In early February 2006 the USMC awarded General Dynamics Land Systems a $257 million contract for 130 LAV-A2 armored vehicles with an option worth $50 for electric turret drives. These vehicles were to be delivered as personnel carrier, anti-tank, command and control (C2), logistic and mortar carrier variants. Vehicle deliveries were scheduled to start in July 2007 and conclude by July 2008. Light Armored Vehicle A2 is an improved variant of LAV featuring improved suspension, armor, and an automatic fire suppression system.

In October 2006, the US Marine Corps awarded a $189 million contract to General Dynamics Land Systems for the production of 151 LAV-A2 light armored vehicles and a $50 million option for 394 LAV-A2 electric turret drives. This contract modified the contract awarded in February 2006 for LAV-A2s. The resulting contract is worth $317 million with deliveries complete December 2008.

LAV Applications

Armored Vehicles LAV II LAV III

LAV Specifications

Crew: 3
Troops: 8
Wheel Drive: 8x8
Height: 2.70 meter (106 inch)
Length: 6.39 meter (252 inch)
Main Gun Caliber: 25 millimeter
Width: 2.50 meter (98 inch)
Max Range: 660 kilometer (410 mile)
Power: 275 shp (205 kW)
Top Speed: 100 kph (62 mph)
Combat Weight: 13,400 kilogram (29,541 pound)
CEP: Circular Error Probable
Meters (m)   Kilometers (km)   Nautic Miles (nm)   Inch (in)   Yard (yd)   Foot (ft)   Millimeter (mm)
Pound (lb)   Kilogram (kg)   kN (KiloNewton)   Ton (t)
Meters per Second (mps)   Kilometers per Hour (kph)   Knot (kt)   Miles per Hour (mph)
Liter (l)   Galon (gl)
Year (yr)   Minutes (min)   Second (sec)
Shaft-Horse-Power (shp)

LAV News

There are 18 news between
24 Sep 2004 and 22 Mar 2018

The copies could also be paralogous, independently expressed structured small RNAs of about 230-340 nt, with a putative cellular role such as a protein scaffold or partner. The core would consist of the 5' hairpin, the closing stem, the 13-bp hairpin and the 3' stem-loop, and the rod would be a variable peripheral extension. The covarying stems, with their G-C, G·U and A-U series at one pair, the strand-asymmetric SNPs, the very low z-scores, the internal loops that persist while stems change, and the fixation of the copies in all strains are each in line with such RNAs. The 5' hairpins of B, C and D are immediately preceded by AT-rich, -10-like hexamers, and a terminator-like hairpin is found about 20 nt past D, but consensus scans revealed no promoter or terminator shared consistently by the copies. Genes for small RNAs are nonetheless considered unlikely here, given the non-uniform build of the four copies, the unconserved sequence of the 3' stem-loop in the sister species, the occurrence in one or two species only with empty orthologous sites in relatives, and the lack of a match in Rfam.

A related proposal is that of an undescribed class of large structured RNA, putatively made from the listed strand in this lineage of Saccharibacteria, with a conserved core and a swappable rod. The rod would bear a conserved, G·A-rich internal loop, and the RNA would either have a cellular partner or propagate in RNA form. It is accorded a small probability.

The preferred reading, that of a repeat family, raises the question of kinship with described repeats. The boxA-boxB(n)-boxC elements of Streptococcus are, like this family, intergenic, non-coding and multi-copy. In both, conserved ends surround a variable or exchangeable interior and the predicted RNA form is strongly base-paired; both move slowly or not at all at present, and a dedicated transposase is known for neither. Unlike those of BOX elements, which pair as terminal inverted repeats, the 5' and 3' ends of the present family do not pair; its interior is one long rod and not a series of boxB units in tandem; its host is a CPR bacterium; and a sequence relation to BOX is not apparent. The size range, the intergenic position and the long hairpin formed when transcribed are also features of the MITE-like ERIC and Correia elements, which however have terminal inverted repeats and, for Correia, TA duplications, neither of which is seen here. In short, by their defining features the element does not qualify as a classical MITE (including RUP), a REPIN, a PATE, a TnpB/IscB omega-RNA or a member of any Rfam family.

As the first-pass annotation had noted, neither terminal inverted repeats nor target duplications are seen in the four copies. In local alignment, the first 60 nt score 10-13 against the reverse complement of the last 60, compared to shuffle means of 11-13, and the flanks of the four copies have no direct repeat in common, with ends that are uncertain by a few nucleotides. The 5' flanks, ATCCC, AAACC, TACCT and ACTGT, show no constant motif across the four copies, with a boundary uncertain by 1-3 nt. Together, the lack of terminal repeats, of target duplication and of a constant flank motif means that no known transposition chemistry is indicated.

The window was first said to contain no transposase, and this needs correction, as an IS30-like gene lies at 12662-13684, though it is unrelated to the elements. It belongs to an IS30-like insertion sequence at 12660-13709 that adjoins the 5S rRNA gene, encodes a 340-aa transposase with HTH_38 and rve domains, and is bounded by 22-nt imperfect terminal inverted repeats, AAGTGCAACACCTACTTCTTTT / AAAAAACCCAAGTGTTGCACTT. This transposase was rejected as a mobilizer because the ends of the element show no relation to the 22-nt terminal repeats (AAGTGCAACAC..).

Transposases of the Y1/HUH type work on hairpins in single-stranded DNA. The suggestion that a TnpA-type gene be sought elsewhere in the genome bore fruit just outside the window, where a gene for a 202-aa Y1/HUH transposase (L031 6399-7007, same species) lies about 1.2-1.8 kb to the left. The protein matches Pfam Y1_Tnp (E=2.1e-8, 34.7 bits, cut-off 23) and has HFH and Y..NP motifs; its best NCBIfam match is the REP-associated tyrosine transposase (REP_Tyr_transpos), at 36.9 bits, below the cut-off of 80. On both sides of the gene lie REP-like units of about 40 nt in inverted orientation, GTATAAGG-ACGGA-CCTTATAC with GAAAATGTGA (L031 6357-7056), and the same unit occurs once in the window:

1  2  
Thursday, March 22, 2018FMS: Saudi Arabia Seeks Support for M1A2, M2, HMMWV and LAV Armored Vehicless and M198 Towed Howitzers
Monday, May 19, 2014General Dynamics to Develop Upgrades for US Marine Corps Light Armored Vehicle Program
Wednesday, October 23, 2013US Marine Corps Enhanced LAV-AT Completes Initial Round of Testing
Tuesday, January 15, 2013General Dynamics Awarded Contract for 13 LAV-A2 by US Marine Corps
Tuesday, August 2, 2011US Marine Corps Orders 33 Additional LAV-A2 Light Armored Vehicles
Monday, June 13, 2011FMS: Saudi Arabia Requests Sale of 73 Light Armored Vehicles
FMS: Saudi Arabia Wants Light Armored Vehicles and Related Support
Thursday, October 14, 2010General Dynamics Land Systems to Upgrade 403 USMC LAVs with Improved Fuel Tanks
Thursday, August 19, 2010US Marine Corps Takes Delivery of First Two Upgraded LAV-C2 Vehicles
Thursday, August 12, 2010US Marine Corps Orders 24 Additional LAV-A2 Light Armored Vehicles

Operators & Related Equipment

32 Bison Ambulances; 32 Bison Mobile Repair Team vehicles; 32 Bison Recovery vehicles; 25 Bison Electronic Warfare vehicles; 4 Bison NBC Reconnaissance vehicles
United States of America1,000
Nearly 800 LAV I ordered by USMC in the 1980s. As of January 2013, the USMC has ordered 253 LAV-A2 vehicles since 2006.
20141,500LAV-25A2, LAV-AT (Anti-Tank), LAV-M (Mortar), LAV-R (Recovery), LAV-C2 (Command & Control), LAV-LOG (Logistics) and LAV-MEWSS (Mobile Electronic Warfare Support System)

Grand Total 3,0653
Cannons & Gear
M242 Bushmasterx1
Defensive Weapons
FIM-92 Stinger